import flash.events.Event;
    import flash.net.URLRequest;
    import flash.events.EventDispatcher;       

    public class SWFLoaderAs2 extends Sprite {     
       
        public var dispatcher:EventDispatcher   = new EventDispatcher();
        private var contentLoader:Loader;      
       
       
        public function SWFLoaderAs2(pathToTheContent,x,y) {
           
            this.x = x;
            this.y = y;
            loadSWF(pathToTheContent);
        }
           
        private function loadSWF(pathToTheContent):void {
           
            var request:URLRequest  = new URLRequest(pathToTheContent);
            contentLoader           = new Loader();
            contentLoader.contentLoaderInfo.addEventListener(Event.COMPLETE,swfLoaded);
            contentLoader.load(request);
        }

        private function swfLoaded(e:Event):void {
           
            addChild(contentLoader);
            dispatcher.dispatchEvent(new Event("ready"));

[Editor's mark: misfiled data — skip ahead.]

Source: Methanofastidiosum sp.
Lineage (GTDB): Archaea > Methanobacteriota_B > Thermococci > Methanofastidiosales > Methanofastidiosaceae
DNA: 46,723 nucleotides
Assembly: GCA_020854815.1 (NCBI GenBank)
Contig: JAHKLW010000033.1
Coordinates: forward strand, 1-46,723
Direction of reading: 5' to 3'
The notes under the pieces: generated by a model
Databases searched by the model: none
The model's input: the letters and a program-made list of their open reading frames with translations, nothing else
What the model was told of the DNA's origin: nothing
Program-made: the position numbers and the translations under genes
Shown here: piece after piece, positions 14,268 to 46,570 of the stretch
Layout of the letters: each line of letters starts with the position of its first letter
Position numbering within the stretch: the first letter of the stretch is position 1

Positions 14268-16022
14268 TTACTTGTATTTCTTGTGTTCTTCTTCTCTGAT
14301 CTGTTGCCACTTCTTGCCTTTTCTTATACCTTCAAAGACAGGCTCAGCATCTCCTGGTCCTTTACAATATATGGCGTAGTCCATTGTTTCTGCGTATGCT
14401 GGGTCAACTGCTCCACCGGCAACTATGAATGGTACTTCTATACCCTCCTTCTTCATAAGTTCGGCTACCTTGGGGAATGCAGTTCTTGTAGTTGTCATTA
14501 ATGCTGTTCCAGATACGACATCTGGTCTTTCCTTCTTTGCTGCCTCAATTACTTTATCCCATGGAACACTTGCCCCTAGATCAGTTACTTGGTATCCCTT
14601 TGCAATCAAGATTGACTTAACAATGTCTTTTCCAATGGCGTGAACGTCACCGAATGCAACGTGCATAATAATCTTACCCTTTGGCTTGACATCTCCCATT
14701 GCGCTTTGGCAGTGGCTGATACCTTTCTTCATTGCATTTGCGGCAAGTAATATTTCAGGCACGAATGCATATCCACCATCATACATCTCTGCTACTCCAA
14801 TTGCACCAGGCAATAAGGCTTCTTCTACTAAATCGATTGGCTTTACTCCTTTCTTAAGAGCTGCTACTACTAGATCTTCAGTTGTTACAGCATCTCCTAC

}
    }
}

usage:

var game:SWFLoaderAs2 = new SWFLoaderAs2("yourSwf.swf",20,0)
game.dispatcher.addEventListener("ready", gameLoaded);
function gameLoaded(event:Event){
   
    addChild(game);
}

This will certainly work to load an as2 swf into your as3 project,
but keep in mind that you will not be able to access methods and properties of your as2 swf.
I will be updating this class or adding another to make this possible. In the meantime,
Grant Skinner has created this to make the job a snap!

Quick and easy GetURL class / actionscript 3 urlrequest

Here is a quick basic flash url loader for quickly adding links to buttons and movie clips in Actionscript 3:

// GetURL Class by Rick Nuthman
// 10.4.09
// Usage:
// new GetURL("url", "target");

package com.frigidfish{
   
    import flash.net.*;
   
    public class GetURL{
       
        private var request:URLRequest;
       
        public function GetURL(url:String, target:String = '_self'){
           
            request = new URLRequest(url);         
            navigateToURL(request, target);
           
        }
    }
}

It’s just a bare bones script that works like the old getURL() method from actionscript 2.
It defaults to opening the url in a blank page, but you can change this by modifying the 2nd parameter.

import com.frigidfish.GetURL;

// you can add it right to an event listener for a button or movieclip

yourButton.addEventListener(MouseEvent.CLICK, function(){ new GetURL("your_url.html", "_self")});